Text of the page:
The fatal assumption made by many economists, who have now persuaded politicians to believe it too, is that we all act rationally when faced with the same set of circumstances. Rational for whom? Take the myriad bail out programmes being touted by governments and central banks all over the world. They all come with promises to “increase liquidity in credit markets”, “facilitate banks to amend existing mortgages and grant new ones” with the end goal of increased non –governmental spending which “will pull the economy out of recession”. That’s all on top of earlier “loans” just to prevent banks, insurance companies and the “Fannies” of the world from going bust, which would have resulted in “complete financial meltdown”.
It may still happen of course. The “Great Experiment” continues apace with the passing of HR1 into law in the US. HR1? The mnemonic for the $787,000,000,000 Obama “Make Work Pay” plan. “Make Work Pay”? That’s really going to confuse a lot of people who already thought it did! For all the money being pumped around it is still very hard for businesses to borrow and potential homeowners to get mortgages. The banks are being encouraged by their new owners – aka the Government – to lend, often to the same people who couldn’t afford the repayments the last time around, which is what started the mess in the first place. In the US banks are obliged (forced) to restructure payments to “affordable levels” which will become “unaffordable” again as the economy slows and unemployment continues to rise.
So with ultra low rates and the banks allegedly awash with liquidity the economists posit that rational human beings should soon start borrowing and spending again. Well firstly the banks are still reluctant to lend – one look at their balance sheets will tell you why – and Joe Public is beginning to feel the pinch and has reigned in expenditure from levels that were not and are not sustainable. A perfectly rational response it would seem unless you are an economist. The paradox of thrift then kicks in and the economy slows even further as a result of the lack of spending and the propensity to borrow takes another downward leg. “It’s not rational”, they cry, but it happens all the same!
Now there are some fortunate souls with huge mortgages taken out in the “good times” who are feeling much happier with life especially those with base rate linked accounts. Some building societies were offering base minus 1% so payments are now effectively zero. But even they are feeling less secure as the value of their houses has come back with a bang and they find themselves with negative equity.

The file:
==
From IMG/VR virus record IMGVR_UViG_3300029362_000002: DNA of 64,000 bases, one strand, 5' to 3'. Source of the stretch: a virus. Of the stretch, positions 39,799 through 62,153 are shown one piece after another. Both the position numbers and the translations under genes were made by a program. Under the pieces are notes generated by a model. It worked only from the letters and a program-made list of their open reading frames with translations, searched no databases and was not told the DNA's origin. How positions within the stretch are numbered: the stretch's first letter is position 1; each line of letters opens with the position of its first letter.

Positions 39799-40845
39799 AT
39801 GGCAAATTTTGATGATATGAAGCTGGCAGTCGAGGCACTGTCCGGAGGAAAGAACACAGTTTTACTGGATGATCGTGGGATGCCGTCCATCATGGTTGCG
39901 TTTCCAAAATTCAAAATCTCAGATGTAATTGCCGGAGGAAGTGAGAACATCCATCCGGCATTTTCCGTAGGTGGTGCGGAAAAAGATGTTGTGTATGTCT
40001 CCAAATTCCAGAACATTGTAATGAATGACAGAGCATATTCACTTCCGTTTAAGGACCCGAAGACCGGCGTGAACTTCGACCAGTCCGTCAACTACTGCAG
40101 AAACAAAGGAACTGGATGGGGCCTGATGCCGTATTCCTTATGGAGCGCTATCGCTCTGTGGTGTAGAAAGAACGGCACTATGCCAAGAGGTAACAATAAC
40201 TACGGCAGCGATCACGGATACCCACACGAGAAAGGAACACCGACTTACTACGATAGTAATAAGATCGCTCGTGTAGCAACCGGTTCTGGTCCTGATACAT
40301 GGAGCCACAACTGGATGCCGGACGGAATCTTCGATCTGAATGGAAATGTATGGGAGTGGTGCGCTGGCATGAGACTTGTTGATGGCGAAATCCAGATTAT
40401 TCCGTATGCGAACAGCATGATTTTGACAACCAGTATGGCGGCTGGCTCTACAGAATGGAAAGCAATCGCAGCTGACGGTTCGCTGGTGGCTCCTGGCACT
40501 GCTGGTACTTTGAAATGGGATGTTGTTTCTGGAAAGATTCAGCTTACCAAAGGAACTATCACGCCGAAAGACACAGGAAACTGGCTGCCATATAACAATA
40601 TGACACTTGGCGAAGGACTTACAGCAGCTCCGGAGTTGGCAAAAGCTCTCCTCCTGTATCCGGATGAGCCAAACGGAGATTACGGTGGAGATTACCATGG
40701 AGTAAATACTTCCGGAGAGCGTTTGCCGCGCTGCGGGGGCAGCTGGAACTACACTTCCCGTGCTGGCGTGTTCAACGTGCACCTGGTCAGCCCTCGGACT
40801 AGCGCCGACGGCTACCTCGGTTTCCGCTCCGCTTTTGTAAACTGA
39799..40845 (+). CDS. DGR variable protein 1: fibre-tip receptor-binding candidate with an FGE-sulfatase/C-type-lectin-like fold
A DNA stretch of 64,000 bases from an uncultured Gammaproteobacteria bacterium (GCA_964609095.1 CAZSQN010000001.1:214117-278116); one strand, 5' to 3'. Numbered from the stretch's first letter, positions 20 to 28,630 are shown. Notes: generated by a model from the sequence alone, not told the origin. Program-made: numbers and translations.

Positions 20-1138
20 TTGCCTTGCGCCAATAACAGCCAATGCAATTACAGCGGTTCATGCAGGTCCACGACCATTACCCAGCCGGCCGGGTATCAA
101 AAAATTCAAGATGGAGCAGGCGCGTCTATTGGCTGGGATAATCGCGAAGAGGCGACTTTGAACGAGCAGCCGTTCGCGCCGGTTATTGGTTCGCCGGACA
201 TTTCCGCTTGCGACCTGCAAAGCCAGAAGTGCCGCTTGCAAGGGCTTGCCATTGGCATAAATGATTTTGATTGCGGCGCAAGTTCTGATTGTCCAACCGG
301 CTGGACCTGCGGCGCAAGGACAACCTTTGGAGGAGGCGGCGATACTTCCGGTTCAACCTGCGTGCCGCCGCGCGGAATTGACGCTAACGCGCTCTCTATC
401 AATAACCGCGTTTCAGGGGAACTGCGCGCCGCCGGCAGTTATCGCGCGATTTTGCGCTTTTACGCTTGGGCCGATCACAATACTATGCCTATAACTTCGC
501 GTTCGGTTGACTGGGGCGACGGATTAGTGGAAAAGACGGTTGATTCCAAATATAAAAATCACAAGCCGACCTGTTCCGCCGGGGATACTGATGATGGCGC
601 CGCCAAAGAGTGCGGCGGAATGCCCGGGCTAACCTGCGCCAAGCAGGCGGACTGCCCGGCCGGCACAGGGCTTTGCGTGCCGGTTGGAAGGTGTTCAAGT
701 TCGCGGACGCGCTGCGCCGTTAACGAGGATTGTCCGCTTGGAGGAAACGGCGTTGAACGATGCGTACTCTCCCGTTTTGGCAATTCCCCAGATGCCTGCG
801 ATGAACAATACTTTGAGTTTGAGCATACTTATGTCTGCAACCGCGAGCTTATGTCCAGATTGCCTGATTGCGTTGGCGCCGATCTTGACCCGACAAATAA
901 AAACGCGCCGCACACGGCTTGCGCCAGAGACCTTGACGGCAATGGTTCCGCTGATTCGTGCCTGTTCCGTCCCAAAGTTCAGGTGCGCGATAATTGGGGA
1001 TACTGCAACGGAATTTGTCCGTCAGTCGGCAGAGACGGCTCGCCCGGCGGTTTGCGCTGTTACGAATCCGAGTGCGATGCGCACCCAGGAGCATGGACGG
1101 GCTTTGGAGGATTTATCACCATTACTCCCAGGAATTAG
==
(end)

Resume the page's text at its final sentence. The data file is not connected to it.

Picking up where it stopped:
Eventually, by throwing enough money at the problem, it will go away but then inflation is likely to become a serious issue and can the central banks be trusted to use the brake early enough?
Meanwhile the focus of attention is moving to Europe. The problem for the ECB is what to do with Eastern Europe most of which doesn’t come directly under its remit. However European banks that do have been lending huge sums to their eastern neighbours who are unable to service those loans as their economies have gone off a cliff too. And then there are the PIGS; Portugal, Ireland, Greece and Spain who are showing signs of suffering from Iceland syndrome; the cure for which is as painful as the disease.
Another part of the rational jigsaw is that protectionism won’t help solve anything at all but on a daily basis it is becoming obvious that this is just what governments around the world are engaging in. Brazil and Argentina have started a spate of trade tariffs and blamed it on the Chinese. The revised US bail out package was supposed to remove the “buy America” clause but it didn’t and this hasn’t escaped the attention of the French. La Sarkozy has suggested that if the Americans are going to protect their industry and agriculture then “perhaps we should try to do same”; as if that was something new for the French!
In most commercial transactions the law of supply and demand works as economists expect but in the financial sector it is all about fear and greed and always has been. After all this is not the first financial bubble to unwind and it wont be the last, despite threats of ever more regulation to prevent it happening again, but it is shaping up to be the most unpleasant, unless of course your mind thinks otherwise. Psychiatry should become a growth business don’t you reckon?